Activities included presentations on protected areas and national parks; on endemics of Seychelles and importance of conservation; marine species and habitats of Seychelles; marine conservation in Seychelles; conservation work/project nature trails; trip to Silhouette island; role of SNPA & ‘Do’s and ‘Don’t’s  in marine parks; snorkelling; trip to Curieuse; presentation of Curieuse Island staff and guided tour and exhibition.

“Holiday camps can therefore provide these children another enjoyable and fun alternative where real life learning are based on real places, real issues, and authentic tasks. It helps to provide sensory engagement opportunities to explore the environment using all five senses. It also provides children with time and environment for learning by doing environment-related activities and encourage them to be actively involved in hands-on exploration and investigation which are important in developing active environment stewardship,” said Jeanette Larue, one of the active organisers.

“The camp offers children with experimental learning opportunities, which enable them to make connection and apply learning in the real world. It encourages transformative and action oriented learning, which is needed to encourage positive behaviour change for active citizenship,” she added.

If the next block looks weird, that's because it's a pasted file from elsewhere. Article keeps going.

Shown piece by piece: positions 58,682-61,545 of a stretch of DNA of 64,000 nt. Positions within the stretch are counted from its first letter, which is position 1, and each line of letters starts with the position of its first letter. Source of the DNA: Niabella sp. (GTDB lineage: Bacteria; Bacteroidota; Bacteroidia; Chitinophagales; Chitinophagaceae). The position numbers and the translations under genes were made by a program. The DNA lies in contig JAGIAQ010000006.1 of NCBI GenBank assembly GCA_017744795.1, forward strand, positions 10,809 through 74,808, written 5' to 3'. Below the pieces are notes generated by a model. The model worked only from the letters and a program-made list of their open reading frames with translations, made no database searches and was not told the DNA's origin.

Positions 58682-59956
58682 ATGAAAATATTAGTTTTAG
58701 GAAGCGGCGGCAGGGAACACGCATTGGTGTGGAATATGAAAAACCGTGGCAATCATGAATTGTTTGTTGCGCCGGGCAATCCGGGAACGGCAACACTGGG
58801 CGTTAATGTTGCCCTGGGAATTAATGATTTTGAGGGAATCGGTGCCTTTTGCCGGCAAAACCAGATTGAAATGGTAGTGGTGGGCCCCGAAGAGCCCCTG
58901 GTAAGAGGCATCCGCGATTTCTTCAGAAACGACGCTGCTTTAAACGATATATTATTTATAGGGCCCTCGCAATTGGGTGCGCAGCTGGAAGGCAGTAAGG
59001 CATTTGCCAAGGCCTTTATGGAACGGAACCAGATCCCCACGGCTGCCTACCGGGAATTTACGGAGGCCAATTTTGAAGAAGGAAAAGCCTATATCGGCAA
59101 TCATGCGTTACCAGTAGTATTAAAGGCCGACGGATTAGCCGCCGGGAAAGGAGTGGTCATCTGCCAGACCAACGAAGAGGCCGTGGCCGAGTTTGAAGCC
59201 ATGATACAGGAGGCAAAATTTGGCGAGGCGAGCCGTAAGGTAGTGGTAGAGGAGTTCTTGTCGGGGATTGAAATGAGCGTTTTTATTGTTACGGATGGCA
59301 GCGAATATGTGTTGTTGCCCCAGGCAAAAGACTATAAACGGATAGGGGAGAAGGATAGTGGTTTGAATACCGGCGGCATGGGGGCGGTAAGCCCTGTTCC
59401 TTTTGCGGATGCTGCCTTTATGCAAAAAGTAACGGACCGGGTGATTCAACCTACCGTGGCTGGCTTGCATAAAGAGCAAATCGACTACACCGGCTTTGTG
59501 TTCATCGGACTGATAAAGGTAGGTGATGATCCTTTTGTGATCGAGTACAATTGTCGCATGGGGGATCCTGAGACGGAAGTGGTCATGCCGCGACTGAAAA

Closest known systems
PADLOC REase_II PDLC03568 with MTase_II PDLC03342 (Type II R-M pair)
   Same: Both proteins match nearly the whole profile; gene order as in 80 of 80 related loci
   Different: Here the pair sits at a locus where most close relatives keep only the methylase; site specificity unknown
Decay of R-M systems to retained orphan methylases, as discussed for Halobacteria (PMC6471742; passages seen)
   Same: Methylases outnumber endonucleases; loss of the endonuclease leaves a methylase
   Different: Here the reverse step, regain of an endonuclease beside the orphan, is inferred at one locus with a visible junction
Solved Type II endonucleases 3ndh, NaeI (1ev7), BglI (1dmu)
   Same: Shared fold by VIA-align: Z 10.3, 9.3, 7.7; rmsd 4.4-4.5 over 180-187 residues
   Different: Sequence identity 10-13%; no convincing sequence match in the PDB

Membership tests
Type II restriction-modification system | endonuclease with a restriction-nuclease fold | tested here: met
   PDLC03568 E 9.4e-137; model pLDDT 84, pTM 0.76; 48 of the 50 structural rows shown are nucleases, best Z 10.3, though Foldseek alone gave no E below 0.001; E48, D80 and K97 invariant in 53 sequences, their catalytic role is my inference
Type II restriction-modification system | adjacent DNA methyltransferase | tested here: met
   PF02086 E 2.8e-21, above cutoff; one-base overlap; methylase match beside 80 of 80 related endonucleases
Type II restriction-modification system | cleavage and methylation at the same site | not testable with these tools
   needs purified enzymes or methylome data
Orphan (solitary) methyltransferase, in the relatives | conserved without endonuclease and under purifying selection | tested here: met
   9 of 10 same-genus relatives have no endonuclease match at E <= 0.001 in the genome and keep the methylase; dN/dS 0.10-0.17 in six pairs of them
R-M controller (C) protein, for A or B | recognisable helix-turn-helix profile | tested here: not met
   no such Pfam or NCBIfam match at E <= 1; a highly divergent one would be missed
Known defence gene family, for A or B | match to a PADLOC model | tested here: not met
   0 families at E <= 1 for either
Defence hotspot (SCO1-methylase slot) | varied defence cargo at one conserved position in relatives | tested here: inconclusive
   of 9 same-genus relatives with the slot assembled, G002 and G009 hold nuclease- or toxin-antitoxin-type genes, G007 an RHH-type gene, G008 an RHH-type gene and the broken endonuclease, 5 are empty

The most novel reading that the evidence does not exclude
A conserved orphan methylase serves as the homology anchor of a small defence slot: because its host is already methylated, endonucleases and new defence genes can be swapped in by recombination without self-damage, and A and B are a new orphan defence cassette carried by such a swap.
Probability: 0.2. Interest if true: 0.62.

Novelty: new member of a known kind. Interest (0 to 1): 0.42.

School holidays, she said, is a time when children coming from different schools with same interests can be grouped together to participate in fun yet learning activities. It can also complement what has been learned in formal classes during the term. Moreover, the limited time spent in class or extra curricular activities (ECA) to discuss issues related to environment is not always enough to ensure in-depth understanding of specific issues related to the environment.

“It has also been acknowledged by many, that knowledge alone does not always translate into change of behaviour. Eco-literacy is simply not enough to encourage that much needed change in behaviour. Moreover, the allure of indoor alternatives such as computer games, television, social networking, internet etc are curtailing children’s direct exposure to nature and this is happening a lot during school holidays,” she said.

The camp ended on Friday last week with the presentation of certificates and performance by participants where parents were invited.

The group will meet again in August for another holiday camp which will concentrate on climate change and coastal ecosystem.

A new team of eco-warriors is being recruited and students from P3 to S3 are eligible. They are mainly children who have shown special interest in environment education in different schools. The environment section will work closely with them over the years, until they reach S5, to continue to build their capacity on different environment issues. They will also help the ministry in raising awareness on pertinent environment issues at their schools and communities. They will be young role models who will try to influence their peer on good environment practices.